If you've shopped online, you've probably purchased from a Shopify-powered store. Shopify is dominating the e-commerce world by making it easy for anybody — yes, that means you — to build a standalone online store. No coding or design skills necessary.
In this guide, we're talking about Shopify — what it is, how Shopify works, and how you can start selling. Let's dive in.
Want to know what product you should sell on Shopify?
Shopify: Description, Pricing, and How to Get Started
What is Shopify?
Shopify is a multinational e-commerce company headquartered in Ottawa, Ontario. Tobias Lütke, Scott Lake, and Daniel Weinand founded it in 2004. Since then, this all-in-one commerce platform now powers over one million businesses with over 5,000 shops worldwide.
Shopify lets entrepreneurs create their own standalone online store. The Shopify themes and online store builder enables you to create a mobile-friendly online home for your business. You don't even need coding or design skills. This is a convenient service for entrepreneurs who want to get their business up and running without consulting or hiring a web designer.
What Can You Sell on Shopify?
Nearly anything. If you have a product or service, you can sell it on your Shopify store. Some examples of existing Shopify stores include:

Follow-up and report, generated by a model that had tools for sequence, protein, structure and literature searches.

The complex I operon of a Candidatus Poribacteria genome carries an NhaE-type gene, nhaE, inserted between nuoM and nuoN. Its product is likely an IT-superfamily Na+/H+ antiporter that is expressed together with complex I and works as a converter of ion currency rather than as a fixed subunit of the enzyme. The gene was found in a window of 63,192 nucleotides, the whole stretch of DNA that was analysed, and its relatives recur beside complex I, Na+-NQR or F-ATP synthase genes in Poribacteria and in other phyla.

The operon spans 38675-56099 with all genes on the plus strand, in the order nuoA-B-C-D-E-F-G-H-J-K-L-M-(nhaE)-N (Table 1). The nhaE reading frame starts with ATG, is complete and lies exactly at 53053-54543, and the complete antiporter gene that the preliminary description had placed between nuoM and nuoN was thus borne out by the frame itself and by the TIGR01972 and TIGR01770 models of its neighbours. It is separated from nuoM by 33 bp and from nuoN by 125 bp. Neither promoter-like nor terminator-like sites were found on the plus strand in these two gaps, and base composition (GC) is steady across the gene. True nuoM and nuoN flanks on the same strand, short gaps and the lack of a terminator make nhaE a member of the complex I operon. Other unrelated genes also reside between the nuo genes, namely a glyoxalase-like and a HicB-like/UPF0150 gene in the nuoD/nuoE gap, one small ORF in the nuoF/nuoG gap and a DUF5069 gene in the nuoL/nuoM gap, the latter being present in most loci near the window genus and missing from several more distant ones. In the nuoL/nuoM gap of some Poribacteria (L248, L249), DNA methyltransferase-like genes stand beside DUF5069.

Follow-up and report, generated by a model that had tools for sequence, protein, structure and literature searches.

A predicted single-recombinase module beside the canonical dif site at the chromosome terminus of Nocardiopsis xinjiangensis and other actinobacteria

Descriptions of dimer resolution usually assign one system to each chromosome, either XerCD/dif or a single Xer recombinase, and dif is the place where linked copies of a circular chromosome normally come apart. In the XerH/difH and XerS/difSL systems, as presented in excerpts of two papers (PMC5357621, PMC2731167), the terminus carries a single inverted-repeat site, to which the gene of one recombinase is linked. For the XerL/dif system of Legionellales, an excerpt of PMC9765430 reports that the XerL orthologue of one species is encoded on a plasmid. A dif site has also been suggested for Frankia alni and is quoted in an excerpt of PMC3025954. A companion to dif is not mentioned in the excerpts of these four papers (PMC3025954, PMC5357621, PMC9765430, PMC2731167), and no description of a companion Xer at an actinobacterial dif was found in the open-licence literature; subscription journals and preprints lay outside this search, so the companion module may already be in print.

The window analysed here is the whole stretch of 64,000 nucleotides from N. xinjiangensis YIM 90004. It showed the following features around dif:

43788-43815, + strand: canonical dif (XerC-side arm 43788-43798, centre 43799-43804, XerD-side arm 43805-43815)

- Partake Foods sells gluten-free, vegan cookies
- Package Free sells zero waste kits for cleaning, picnics, personal hygiene, and more
- Meow Meow Tweet sells vegan skincare products
- Rothy's washable, woven women's footwear made from recycled plastic
- MFMG cosmetics sells diversity-focused makeup products
As you can see, you can sell anything from traditional products to super-niche products you might find on Etsy. But Shopify isn't limited to only physical products.
You Can Sell More Than Physical Products on Shopify
Many service-based businesses use Shopify to monetize their expertise and skill set. That means you can sell memberships, consultations, digital products, workshops, rentals, and more. For example, BUTI MVMT Medicine, a service for yogis that combine yoga and cardio, sells online certifications, workshops, DVDs, and yoga teacher training on their website.
So, if you have a neat business idea, you can use Shopify to create an online home for your business and sell it.
Wondering whether now’s a good time for a product launch? Check out this article.
How Much Does it Cost to Sell on Shopify?